(WSAZ Photo/Amanda Dixon)
UPDATE 2/15/11 @ 6 p.m.
HUNTINGTON, W.Va. (WSAZ) -- Balancing a checkbook is never fun when you have more money going out than coming in.
Huntington Mayor Kim Wolfe knows that feeling on a city level. His latest proposal includes some positives -- and some negatives.
“We're glad to be coming back. I think the city will be thrilled to have City Hall open again on Fridays,” said Teresa Ferguson-Crossan, Municipal Court clerk.
Perhaps the best news out of Wolfe's state of the city address is the current four-day work week, and pay cuts for a third of the city's staff could soon come to an end.
“I really thank those who made the sacrifice and hung in there,” Wolfe said.
But, that good news for the masses translates to bad news for six to eight unlucky employees who could face layoffs to save the necessary funds instead.
“It’s the toughest decision,” Wolfe said.
One of those on the chopping block -- the mayor's constituent services liaison. It's a position Wolfe created shortly after he took office, hiring his longtime friend and former police officer and jail administrator Jim Johnson.
“I think he’s made a real difference. But, I can’t ask others to make a sacrifice without leading by example,” Wolfe said.
One issue that's top of mind at this time of the year -- navigating the pitfalls of potholes. If you have to drive through these, then new paving can't come soon enough.
“There is $600,000 for this year, and the mayor has allocated another $600,000 for next year, as well,” said David Hagley, Huntington Public Works Director.
But, in the end, the City Council has the final say -- taking the good with the bad for the benefit of the city.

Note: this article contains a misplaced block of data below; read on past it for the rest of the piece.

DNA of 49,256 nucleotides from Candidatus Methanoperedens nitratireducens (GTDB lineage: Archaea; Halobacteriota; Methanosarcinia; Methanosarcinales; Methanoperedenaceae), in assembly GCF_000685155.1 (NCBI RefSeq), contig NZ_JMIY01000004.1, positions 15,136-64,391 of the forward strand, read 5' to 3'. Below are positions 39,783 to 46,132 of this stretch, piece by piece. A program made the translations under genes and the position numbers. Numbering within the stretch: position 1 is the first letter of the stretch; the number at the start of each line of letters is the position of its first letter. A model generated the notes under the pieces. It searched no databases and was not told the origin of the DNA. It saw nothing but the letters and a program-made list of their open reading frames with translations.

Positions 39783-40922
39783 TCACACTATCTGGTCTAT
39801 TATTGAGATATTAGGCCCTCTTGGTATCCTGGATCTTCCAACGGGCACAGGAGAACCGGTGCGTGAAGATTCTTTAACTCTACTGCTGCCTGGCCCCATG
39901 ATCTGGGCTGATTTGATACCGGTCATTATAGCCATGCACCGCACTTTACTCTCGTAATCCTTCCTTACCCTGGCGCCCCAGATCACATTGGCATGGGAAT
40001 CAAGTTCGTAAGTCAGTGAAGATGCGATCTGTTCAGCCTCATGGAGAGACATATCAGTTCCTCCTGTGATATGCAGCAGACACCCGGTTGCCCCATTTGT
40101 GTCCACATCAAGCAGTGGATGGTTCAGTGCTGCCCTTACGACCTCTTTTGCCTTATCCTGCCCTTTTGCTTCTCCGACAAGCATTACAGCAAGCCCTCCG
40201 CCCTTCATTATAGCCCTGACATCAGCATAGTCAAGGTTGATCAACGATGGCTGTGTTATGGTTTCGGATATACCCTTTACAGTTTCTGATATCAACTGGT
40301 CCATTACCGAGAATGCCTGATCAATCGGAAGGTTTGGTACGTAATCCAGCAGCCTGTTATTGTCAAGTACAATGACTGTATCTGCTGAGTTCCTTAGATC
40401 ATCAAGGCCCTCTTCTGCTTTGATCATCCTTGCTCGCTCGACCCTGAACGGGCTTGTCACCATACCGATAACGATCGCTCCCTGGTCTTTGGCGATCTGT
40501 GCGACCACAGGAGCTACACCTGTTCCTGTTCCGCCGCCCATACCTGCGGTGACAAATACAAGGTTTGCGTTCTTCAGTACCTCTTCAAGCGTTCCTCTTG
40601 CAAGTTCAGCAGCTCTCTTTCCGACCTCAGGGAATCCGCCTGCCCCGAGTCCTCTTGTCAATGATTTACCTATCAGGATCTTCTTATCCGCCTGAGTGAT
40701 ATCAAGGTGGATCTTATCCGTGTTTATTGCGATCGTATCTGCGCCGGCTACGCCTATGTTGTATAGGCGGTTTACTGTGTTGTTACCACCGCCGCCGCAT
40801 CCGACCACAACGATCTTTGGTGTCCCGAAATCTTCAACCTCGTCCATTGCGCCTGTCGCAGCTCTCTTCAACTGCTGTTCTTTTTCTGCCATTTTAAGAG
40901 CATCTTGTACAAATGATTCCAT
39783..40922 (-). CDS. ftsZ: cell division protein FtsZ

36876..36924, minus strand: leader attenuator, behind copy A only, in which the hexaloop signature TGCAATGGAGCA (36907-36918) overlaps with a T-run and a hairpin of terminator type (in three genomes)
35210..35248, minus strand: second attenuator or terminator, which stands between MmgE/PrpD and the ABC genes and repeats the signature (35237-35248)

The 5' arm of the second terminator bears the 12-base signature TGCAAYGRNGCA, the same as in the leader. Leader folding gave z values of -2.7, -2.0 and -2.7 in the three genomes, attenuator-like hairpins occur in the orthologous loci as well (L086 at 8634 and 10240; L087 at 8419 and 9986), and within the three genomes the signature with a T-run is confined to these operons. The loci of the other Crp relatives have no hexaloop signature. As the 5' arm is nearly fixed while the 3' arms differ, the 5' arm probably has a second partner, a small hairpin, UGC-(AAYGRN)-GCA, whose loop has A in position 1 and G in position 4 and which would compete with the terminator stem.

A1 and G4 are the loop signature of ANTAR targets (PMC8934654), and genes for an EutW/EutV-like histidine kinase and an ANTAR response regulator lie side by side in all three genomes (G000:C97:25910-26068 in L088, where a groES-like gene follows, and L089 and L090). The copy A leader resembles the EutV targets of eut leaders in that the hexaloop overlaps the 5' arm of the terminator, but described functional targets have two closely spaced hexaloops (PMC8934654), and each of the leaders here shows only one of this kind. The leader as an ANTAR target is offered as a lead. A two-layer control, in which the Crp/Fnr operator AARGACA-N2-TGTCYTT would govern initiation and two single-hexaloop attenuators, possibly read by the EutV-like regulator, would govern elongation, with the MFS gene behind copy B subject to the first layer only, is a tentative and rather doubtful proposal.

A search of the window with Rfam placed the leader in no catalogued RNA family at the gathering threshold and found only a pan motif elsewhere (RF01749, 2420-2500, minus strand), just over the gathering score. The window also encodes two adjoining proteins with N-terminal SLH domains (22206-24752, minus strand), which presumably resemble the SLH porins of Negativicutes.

City Council President Mark Bates says he's hopeful council can find money somewhere else in the budget to prevent some, if not all, of the proposed layoffs.
Wolfe delivered his State of the City address Monday night prior to the Huntington City Council meeting.
"We must cut more and ask for even more sacrifice from our employees and our citizens," Wolfe said.
He said the city must have an ending fund balance of $1 million by June 30, 2012. That's to maintain a stable financial rating that the city received by Standard and Poor's.
Wolfe said the city has a current fund balance of $560,000, and he projected a $440,000 increase to meet the $1 million goal.
The condition of city streets has been a hot topic among residents, and Wolfe said nearly $600,000 has been set aside for street resurfacing.
Among items council considered Monday evening was Wolfe's veto of council's decision to put spending limits on the mayor. Council ultimately did not challenge the veto.
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